Cherry Hill, NJ
Tuesday, December 02, 2008
FOR IMMEDIATE RELEASE:
CONTACT: Joyce Hoff
Socializing on a Shoestring:
How to Wine and Dine Customers in Tough Economic Times
The economy is in turmoil and your budget is restricted. Yet socializing with your customers is still an important way to cultivate business. But how do you continue to entertain business clients and still be fiscally responsible?
According to business etiquette expert Barbara Pachter, author of "NewRules@Work: 79 Etiquette Tips, Tools, and Techniques to Get Ahead and Stay Ahead", (Prentice Hall Press), you don't have to spend a small fortune to have a good meal. "You just need to do it smartly," Pachter says. "You can still be a gracious host and stay within a budget"
Pachter offers these nine tips for socializing when funds are tight:
1. PICK THE RESTAURANT CAREFULLY. There are many excellent restaurants at different price ranges. Get recommendations from other people, visit the restaurant yourself, or check the menu prices on the restaurant's web site. You can also explain your choice to your guest by saying something like, "I know this great Italian restaurant. It has excellent calamari which I know is one of your favorite dishes"
2. MAKE SUGGESTIONS IN THE MID-PRICE RANGE. As a host it is your responsibility to make recommendations to your guest. You don't have to recommend just the most expensive items.
3. DON'T ORDER THE SPECIALS UNLESS YOU KNOW THE PRICE. Many waiters don't give the price when telling you their specials of the night. It can be uncomfortable to ask the price of an item in front of your guest. Specials can cost from 10 – 40 percent more than the regular menu items.
4. MANAGE THE ORDERING OF THE WINE. Learn a little about wine so you can take charge of the ordering of the wine. There are lots of good wines at reasonable prices. Check the wine list. It is often posted on the restaurant's web site or you can talk to the wine steward ahead of time. If you turn the wine choice over to your guest, he/she may order a much more expensive wine than you would have chosen.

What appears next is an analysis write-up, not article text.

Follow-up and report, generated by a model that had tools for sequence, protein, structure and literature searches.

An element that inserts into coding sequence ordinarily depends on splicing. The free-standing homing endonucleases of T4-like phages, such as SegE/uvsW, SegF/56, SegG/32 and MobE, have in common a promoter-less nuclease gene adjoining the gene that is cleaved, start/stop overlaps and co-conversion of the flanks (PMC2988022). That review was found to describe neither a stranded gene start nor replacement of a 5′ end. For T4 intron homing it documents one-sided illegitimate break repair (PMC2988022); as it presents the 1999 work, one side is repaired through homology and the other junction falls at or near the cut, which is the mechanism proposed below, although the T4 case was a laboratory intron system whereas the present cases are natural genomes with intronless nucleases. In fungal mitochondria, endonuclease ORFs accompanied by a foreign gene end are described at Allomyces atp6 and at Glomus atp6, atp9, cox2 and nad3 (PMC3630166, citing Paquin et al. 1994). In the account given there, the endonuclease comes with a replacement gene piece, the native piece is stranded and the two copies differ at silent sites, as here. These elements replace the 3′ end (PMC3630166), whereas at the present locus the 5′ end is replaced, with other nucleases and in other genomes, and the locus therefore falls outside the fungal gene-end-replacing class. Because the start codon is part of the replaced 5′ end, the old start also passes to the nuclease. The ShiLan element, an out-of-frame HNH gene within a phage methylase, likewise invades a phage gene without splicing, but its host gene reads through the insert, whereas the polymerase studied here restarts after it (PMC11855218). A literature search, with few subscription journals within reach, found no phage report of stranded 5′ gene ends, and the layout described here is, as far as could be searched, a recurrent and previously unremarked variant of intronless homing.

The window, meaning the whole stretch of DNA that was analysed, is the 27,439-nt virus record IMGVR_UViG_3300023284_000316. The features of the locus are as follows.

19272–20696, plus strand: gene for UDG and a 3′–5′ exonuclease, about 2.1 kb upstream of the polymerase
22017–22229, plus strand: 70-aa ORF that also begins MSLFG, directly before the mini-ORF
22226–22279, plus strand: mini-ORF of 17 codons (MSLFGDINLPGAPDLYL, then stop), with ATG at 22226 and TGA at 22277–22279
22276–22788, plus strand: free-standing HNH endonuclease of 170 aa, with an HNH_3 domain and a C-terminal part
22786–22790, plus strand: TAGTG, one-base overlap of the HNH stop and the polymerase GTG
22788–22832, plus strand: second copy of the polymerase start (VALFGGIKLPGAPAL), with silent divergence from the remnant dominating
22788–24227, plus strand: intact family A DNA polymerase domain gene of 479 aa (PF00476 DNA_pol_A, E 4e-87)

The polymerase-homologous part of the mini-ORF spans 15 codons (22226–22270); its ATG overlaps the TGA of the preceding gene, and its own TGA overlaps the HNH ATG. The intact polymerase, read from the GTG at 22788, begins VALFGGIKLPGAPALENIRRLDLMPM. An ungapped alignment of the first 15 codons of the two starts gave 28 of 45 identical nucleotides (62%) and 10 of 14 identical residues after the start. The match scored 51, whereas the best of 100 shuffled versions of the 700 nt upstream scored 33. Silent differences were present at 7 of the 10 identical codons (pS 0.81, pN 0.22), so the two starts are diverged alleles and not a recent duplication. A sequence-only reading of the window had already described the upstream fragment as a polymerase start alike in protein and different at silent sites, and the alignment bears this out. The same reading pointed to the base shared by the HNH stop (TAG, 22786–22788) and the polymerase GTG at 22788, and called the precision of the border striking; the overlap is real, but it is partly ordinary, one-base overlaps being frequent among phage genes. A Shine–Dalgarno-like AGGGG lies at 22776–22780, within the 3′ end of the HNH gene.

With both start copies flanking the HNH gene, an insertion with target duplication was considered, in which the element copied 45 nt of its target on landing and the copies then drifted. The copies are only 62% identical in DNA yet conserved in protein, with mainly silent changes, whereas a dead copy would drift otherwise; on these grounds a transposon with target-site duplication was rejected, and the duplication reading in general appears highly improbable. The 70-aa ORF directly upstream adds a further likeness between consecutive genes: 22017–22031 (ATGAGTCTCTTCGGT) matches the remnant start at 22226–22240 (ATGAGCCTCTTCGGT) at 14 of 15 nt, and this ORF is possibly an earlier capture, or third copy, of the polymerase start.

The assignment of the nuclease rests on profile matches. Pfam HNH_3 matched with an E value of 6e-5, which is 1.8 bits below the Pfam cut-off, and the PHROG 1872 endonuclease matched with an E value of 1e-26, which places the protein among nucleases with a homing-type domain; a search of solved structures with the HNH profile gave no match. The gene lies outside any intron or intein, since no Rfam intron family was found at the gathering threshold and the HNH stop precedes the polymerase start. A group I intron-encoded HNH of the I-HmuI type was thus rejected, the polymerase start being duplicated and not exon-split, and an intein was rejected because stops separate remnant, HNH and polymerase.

5. PREORDER THE DINNER, IF HOSTING A NUMBER OF PEOPLE. You can usually pick three entrees ahead of time. Many restaurants will print a special menu for your guests. Speak to waiters before the meal and instruct them not to refill the wine glasses unless the glass is empty or the guest has asked for more. Waiters will pour freely, increasing your bill, unless instructed not to do so.
6. STAY SOBER. It is easy to lose control and forget your budget if you have had too much to drink. Order a drink you don't like and you can nurse it all evening.
7. DISCREETLY USE ANY COUPONS YOU MAY HAVE. With sales down, many restaurants are offering discount coupons. You can arrange ahead of time to have the check paid away from the table so your guest does not see the bill paying.
8. BE GRACIOUS YET SET SOME LIMITS WHEN YOUR GUESTS WANT TO CONTINUE THE EVENING. You can take your guests to the bar or another location, explain why you can't stay (make it a good reason—early meeting), but buy the first round before you excuse yourself.
9. IT DOESN'T ALWAYS HAVE TO BE DINNER. Lunch and even breakfast can provide an opportunity to socialize with your customers during a less expensive meal.
Barbara Pachter is a speaker, coach and author of numerous business books, including "The Power of Positive Confrontation" ($14.95, paperback, Marlowe & Co.) and "When the Little Things Count" ($13.95, paperback, Marlowe & Co.).
She specializes in business etiquette and communication, and teaches dining/etiquette for companies worldwide. Her client list features major organizations, including Microsoft, Pfizer, Chrysler, Cisco and Genentech.
For a review copy of "NewRules@Work: 79 Etiquette Tips, Tools, and Techniques to Get Ahead and Stay Ahead," contact: Catherine Milne, 212-366-2149, or Catherine.Milne@us.penguingroup.com
For a free copy of Pachter's communication e-newsletter, "Competitive Edge," your readers can call (856) 751-6141 (NJ) or go to www.pachter.com.
Cherry Hill, NJ